Parties to second-marriages and blended families often face complicated issues when planning their estate. Accordingly, the proper time to plan for second-marriages is prior to the second-marriage itself. You can read more on the subject of prenuptial agreements by clicking here.

The predominant estate planning complication facing these parties involves the balancing of interests in providing for their surviving spouse while also ensuring that their own children ultimately receive the remaining balance of their estate without resenting the surviving spouse.

Typically, this is accomplished with an estate plan that immediately distributes some portion of one’s estate for the benefit of one’s children (either directly or via a immediately), while distributing the remainder of the estate into a trust for the benefit of the surviving spouse. The surviving spouse is typically entitled to receive either the income generated by the trust or a certain percentage of the trust assets each year. Some trusts also provide that the trustee may further invade the principal of the trust for the benefit of the surviving spouse if such invasion is needed. In any event, after the surviving spouse dies, the balance of the trust would then get paid over to one’s own children.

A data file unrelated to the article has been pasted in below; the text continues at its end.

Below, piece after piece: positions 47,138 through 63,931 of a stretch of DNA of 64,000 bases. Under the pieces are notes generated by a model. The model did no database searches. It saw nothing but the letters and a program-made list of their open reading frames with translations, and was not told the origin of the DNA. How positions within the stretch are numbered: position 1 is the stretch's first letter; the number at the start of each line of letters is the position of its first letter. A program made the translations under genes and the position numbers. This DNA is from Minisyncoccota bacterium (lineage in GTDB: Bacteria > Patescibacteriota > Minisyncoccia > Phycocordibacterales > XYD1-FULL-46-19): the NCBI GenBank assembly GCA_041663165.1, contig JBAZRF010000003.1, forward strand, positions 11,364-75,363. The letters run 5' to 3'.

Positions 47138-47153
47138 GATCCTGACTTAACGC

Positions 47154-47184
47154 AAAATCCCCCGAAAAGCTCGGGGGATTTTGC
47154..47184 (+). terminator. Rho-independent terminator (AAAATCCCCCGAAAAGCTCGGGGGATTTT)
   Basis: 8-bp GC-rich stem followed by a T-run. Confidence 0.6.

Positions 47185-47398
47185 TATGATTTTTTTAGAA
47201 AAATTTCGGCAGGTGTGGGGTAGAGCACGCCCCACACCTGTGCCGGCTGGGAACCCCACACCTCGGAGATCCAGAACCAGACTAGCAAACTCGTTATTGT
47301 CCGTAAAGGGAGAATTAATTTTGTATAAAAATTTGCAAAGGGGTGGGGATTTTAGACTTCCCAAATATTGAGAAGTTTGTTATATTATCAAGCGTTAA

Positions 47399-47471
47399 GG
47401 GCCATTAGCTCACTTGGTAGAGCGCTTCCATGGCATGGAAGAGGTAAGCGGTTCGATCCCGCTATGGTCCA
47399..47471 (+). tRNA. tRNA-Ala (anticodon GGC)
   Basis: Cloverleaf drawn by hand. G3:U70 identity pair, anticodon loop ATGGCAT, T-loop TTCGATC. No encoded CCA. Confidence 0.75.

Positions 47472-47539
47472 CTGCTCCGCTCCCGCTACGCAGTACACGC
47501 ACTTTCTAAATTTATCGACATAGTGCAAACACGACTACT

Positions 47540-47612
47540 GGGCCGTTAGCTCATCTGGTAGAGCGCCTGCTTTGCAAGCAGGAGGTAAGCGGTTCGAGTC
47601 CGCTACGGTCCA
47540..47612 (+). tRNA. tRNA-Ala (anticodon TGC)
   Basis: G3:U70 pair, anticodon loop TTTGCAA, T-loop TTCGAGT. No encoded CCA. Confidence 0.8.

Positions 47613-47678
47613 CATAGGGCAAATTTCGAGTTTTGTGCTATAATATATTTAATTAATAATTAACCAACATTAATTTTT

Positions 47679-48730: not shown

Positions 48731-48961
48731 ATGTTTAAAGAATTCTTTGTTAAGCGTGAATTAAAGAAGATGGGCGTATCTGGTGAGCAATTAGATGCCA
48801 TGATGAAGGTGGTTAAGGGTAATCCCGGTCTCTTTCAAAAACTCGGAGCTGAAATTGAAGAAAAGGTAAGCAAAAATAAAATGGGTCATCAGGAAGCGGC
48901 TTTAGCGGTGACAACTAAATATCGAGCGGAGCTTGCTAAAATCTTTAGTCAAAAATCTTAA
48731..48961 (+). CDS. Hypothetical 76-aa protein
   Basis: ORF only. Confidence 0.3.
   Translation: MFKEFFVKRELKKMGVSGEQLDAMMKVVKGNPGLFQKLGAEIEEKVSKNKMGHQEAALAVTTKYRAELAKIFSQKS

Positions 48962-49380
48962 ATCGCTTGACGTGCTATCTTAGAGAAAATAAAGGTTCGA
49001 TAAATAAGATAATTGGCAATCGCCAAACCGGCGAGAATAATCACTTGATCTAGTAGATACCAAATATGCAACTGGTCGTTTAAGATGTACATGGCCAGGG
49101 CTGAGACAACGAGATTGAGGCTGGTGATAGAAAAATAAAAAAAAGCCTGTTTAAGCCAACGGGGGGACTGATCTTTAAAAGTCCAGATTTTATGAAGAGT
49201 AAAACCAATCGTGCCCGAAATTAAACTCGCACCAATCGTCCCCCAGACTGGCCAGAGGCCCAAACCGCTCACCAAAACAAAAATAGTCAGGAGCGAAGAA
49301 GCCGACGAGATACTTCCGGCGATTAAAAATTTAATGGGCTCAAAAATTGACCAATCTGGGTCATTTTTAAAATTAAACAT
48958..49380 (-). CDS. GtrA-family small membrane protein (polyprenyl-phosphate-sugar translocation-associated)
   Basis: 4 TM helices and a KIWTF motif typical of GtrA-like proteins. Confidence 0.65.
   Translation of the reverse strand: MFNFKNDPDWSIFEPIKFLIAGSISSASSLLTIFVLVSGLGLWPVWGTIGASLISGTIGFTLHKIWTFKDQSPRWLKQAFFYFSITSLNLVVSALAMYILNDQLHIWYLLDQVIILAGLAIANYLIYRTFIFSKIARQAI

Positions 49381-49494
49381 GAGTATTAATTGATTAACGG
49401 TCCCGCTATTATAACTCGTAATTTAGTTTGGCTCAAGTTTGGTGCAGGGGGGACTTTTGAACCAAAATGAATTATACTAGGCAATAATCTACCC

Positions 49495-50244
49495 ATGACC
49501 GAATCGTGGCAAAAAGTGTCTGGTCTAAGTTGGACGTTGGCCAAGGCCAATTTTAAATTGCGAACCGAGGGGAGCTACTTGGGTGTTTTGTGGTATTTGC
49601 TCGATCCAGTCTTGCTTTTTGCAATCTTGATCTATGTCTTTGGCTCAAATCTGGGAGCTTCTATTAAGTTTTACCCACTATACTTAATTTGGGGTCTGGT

By mere virtue of your marriage; however,  your spouse has the right to claim approximately one-third of your estate. In New York State this is known as the spouse’s Right of Election. By that same virtue, your new spouse may have the right to receive the entirety of the proceeds of any qualified retirement plan in which you may be a participant, such as a 401(k) or 403(b) retirement plan. These outcomes can be avoided by having your spouse execute properly drafted waivers of those rights.

Contact us to learn more about Estate Planning for Second Marriages and Blended Families.